Use Enough Gun

A .177 caliber air rifle in the hands of a skilled, patient hunter is an effective tool for harvesting small game and eliminating pests. However, a powerful .22 or .25 in those same hands is an even more effective tool and is also an appropriate one for taking larger species. A .177 caliber pellet weighing approximately 8 grains is no match for one of .25 caliber weighing about 25 grains. The higher velocity of the .177 may give flatter trajectory, but it does not make up for the difference in pellet weight and diameter. Some argue that the flatter trajectory of the .177 makes “hits” easier. However, the object is not to “hit” game, it is to dispatch it quickly and humanely. Game must be taken ethically, and powerful air rifles of larger caliber are simply more appropriate for that use. A .177 caliber can be used for hunting, but it should be used at shorter range and on smaller species than a .22 or .25 might be. Such species as squirrels are very tough and they will come out of the tree much quicker when hit with a .22 or .25 caliber pellet unless they are hit exactly right with a .177 pellet. On safari, Robert Ruark used the phrase which became the title of his famous book, Use Enough Gun which I would paraphrase as use enough airgun.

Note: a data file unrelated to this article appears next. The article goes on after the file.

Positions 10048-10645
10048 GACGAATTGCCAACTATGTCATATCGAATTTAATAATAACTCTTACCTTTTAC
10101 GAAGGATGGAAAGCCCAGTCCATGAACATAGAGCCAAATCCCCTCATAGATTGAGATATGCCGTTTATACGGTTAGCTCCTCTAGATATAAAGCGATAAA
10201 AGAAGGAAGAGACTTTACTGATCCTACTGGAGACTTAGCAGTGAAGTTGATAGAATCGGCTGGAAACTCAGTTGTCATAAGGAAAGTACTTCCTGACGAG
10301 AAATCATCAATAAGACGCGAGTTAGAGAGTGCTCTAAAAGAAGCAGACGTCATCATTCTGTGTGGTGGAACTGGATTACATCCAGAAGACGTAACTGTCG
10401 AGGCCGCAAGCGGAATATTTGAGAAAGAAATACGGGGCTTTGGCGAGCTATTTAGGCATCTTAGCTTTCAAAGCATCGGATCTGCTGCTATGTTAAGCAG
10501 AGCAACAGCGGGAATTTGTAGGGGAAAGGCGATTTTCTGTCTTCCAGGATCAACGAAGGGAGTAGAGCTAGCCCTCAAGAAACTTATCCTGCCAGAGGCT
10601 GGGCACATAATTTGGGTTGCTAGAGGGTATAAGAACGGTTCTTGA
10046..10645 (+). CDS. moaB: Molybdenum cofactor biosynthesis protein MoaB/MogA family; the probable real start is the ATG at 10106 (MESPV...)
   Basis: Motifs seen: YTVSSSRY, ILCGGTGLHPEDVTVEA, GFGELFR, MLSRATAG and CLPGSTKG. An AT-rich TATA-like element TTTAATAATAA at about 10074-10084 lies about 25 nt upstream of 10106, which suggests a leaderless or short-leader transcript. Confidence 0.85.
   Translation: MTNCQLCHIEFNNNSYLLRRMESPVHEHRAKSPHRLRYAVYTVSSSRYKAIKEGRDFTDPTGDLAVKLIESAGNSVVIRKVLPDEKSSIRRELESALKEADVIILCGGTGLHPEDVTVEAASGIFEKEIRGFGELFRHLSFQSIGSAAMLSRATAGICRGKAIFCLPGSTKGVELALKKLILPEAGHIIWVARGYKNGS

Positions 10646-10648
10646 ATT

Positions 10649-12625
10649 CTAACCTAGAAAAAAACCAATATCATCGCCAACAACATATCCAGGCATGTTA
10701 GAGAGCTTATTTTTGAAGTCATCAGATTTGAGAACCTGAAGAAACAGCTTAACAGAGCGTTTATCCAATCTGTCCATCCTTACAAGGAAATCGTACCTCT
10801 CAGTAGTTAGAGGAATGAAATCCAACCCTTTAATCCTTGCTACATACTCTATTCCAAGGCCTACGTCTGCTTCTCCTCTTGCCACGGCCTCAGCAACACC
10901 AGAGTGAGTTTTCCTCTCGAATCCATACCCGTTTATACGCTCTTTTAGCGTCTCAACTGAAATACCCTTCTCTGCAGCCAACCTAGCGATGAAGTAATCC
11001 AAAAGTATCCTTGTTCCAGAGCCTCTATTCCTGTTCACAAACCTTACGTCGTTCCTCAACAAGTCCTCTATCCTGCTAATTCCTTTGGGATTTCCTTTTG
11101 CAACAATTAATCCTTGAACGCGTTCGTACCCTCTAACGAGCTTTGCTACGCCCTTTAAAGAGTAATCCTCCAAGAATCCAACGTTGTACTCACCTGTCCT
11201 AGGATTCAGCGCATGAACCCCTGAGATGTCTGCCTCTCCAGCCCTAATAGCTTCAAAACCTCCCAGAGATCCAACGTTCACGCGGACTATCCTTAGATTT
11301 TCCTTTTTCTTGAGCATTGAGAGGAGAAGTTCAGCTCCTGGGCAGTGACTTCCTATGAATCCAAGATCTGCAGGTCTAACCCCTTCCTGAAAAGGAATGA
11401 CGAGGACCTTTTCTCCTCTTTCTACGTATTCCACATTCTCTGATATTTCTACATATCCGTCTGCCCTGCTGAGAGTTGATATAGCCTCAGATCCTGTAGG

Jim House

Jim House began shooting with a single shot BB gun at a very early age. Now, seventy years later, he is an airgun enthusiast. After a 32-year career as a chemistry professor at Illinois State University, he has written extensively about shooting sports, which has resulted in the books American Air Rifles and CO2 Pistols and Rifles. His books also include The Gun Digest Book of 22 Rimfire and, with his wife Kathleen, Customize the Ruger 10/22. Jim is the Reloading Editor for Gun World magazine and a Contributing Editor for The Varmint Hunter Magazine, The Backwoodsman, Airgun Hobbyist, and The Illinois Shooter. Although a lot of his work is with firearms, he maintains a keen interest in airgunning while also serving as Adjunct Professor of Chemistry at Illinois Wesleyan University.